Amidst debates over how much money one can make with an education in the humanities (as if that were the point), it is indubitable that the humanities can at least show you where money comes from. The dollars in your pocket–or digitally stored on your magnetic cards and devices–originate in another pocket, a tiny town in the Czech Republic near the German border. The inconspicuous town of Jáchymov is profiled in a recent article, as it was recently added to UNESCO’s World Heritage List last year. How did the almighty (or perhaps once-mighty) dollar emerge from this tiny corner of Bohemia? In other words, how did we go from Czechs to cash, such that the buck started there?
In 1516, Count Hieronymus Schlick discovered silver in this mountainous area hitherto populated only by bears and wolves. The Count dubbed the area Joachimsthal, the ‘valley of Joachim’, Jesus’ grandad and patron saint of miners. Silver mining began, as illustrated above in this 1548 woodcut. Cents-ing an opportunity, the Count who Czeched out this area was a Schlick customer: he went from being a mere Czeching Count to a savings Count.
At this time, there was no standard currency in Europe, so Schlick set up his own, which received approval from the Bohemian Diet (legislative assembly) in 1520: this was a Diet with a huge appetite for cash. The silver was minted into coins known as Joachimsthalers, abbreviated as thalers. The coins were inscribed with an image of St. Joachim on one side and a Bohemian lion on the reverse. These thalers were by no means counterfeit, even though they were at least half ‘lion’.
Schlick shrewdly matched the weight and thickness of the Joachimsthalers with the central European Guldengroschen coins, and he minted an unprecedented number of thalers. Within a decade, Joachimsthal became the biggest mining town in Europe: its population doubled 20 times, with some 8,000 people working in a thousand silver mines. By 1533, it was the largest town in Bohemia outside of Prague. Because of Joachimsthal’s booming economy, Schlick had money happy returns.
By the mid-sixteenth century, over 10 million thalers were in currency on the continent. Even when the silver was depleted, the silver currency adopted by the Holy Roman Empire in 1566 was named Reichsthalers: this was ‘Reich’ on the money. The thalers were thus the template for currencies coined by the rising monarchies of Europe, including the Scandinavian daler, the Italian tallero, the Polish talar, and others. Having a legitimate and stable currency, it seemed, was not a thaler order at all; and at its height, such currency was thaler than the rest. In the Netherlands, the national currency was known as leeuwendaler, ‘lion dollar’; they were brought by Dutch colonists to New Amsterdam in the seventeenth century, and later anglicised by the United States as the ‘dollar’. Given its trade with the US, British North America adopted a decimalised currency to correspond with the American greenback, and so the Canadian dollar was created in 1858. It was thought that having such a currency would make ‘cents’, even though adherents to the old ‘Canadian pound’ regarded it as a ‘loonie’ idea.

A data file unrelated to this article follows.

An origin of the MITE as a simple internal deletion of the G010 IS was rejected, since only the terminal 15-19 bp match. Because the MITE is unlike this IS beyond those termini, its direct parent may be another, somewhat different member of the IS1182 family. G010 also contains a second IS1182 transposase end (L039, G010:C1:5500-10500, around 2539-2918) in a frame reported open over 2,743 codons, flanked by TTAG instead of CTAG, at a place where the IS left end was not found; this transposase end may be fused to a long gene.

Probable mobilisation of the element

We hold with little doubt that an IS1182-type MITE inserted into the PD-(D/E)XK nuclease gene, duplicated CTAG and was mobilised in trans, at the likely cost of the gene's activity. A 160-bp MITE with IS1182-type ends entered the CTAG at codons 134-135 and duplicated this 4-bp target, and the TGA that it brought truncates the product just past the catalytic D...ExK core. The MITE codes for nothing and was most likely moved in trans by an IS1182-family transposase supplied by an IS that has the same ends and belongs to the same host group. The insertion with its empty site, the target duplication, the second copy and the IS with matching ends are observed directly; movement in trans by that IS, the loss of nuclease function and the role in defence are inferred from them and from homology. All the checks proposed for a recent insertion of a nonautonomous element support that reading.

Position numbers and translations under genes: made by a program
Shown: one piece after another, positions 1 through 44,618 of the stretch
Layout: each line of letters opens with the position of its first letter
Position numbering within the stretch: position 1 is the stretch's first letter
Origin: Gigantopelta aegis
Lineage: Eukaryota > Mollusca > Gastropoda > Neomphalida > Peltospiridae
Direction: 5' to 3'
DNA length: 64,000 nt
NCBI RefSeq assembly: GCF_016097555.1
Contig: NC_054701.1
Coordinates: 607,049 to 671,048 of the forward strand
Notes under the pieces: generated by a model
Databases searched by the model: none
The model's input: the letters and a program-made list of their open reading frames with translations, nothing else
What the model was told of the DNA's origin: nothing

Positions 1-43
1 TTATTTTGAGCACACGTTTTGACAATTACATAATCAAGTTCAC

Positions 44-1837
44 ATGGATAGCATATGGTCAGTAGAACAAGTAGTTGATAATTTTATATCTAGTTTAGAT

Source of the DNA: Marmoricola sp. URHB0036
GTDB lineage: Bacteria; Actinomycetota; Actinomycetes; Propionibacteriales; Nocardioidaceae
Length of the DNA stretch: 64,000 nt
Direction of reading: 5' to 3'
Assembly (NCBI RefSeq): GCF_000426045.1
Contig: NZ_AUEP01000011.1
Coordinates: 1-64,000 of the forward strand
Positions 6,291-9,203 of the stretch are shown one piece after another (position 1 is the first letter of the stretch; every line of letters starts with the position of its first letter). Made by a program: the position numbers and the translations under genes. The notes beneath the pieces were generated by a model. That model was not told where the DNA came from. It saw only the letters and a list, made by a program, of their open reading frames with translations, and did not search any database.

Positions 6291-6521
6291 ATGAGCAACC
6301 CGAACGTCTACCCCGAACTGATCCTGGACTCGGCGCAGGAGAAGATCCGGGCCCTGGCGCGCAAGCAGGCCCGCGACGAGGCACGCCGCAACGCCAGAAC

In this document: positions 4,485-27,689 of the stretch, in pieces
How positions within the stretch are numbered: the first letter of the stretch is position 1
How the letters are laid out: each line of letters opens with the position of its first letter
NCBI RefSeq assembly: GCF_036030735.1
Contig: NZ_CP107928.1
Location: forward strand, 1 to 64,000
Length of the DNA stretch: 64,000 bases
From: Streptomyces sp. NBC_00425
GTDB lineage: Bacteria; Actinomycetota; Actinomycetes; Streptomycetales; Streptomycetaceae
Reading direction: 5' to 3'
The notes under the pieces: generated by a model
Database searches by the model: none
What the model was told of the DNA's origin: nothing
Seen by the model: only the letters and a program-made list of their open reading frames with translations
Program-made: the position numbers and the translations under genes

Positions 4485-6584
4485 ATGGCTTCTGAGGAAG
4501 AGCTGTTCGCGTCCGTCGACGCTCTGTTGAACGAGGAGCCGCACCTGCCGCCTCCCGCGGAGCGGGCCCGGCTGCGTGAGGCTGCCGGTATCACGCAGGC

The Joachimsthalers have a more sinister legacy, however. As the final dregs of silver were extracted in the sixteenth century, miners encountered a black ore which caused fatalities from lung disease. It was identified in 1898 by Nobel laureate Marie Curie as containing the radioactive elements of radium and polonium. Her work on this ore led to her untimely demise, and these elements were later used to build nuclear reactors and weapons. After the Second World War, during which the Nazis attempted to erect a nuclear reactor in the area, Joachimsthal was renamed Jáchymov. The mines are mostly covered over by forests, but the last functioning silver mine pumps radioactive water to local resorts which advertise ‘radon-water therapy’. Given the fate of Curie, such a treatment is only for far ‘dollar’ wits than hers: dupes who are willing to risk becoming currency-sick.
’til next time,
Director, Early Modern Travellers’ Czechs Studies Program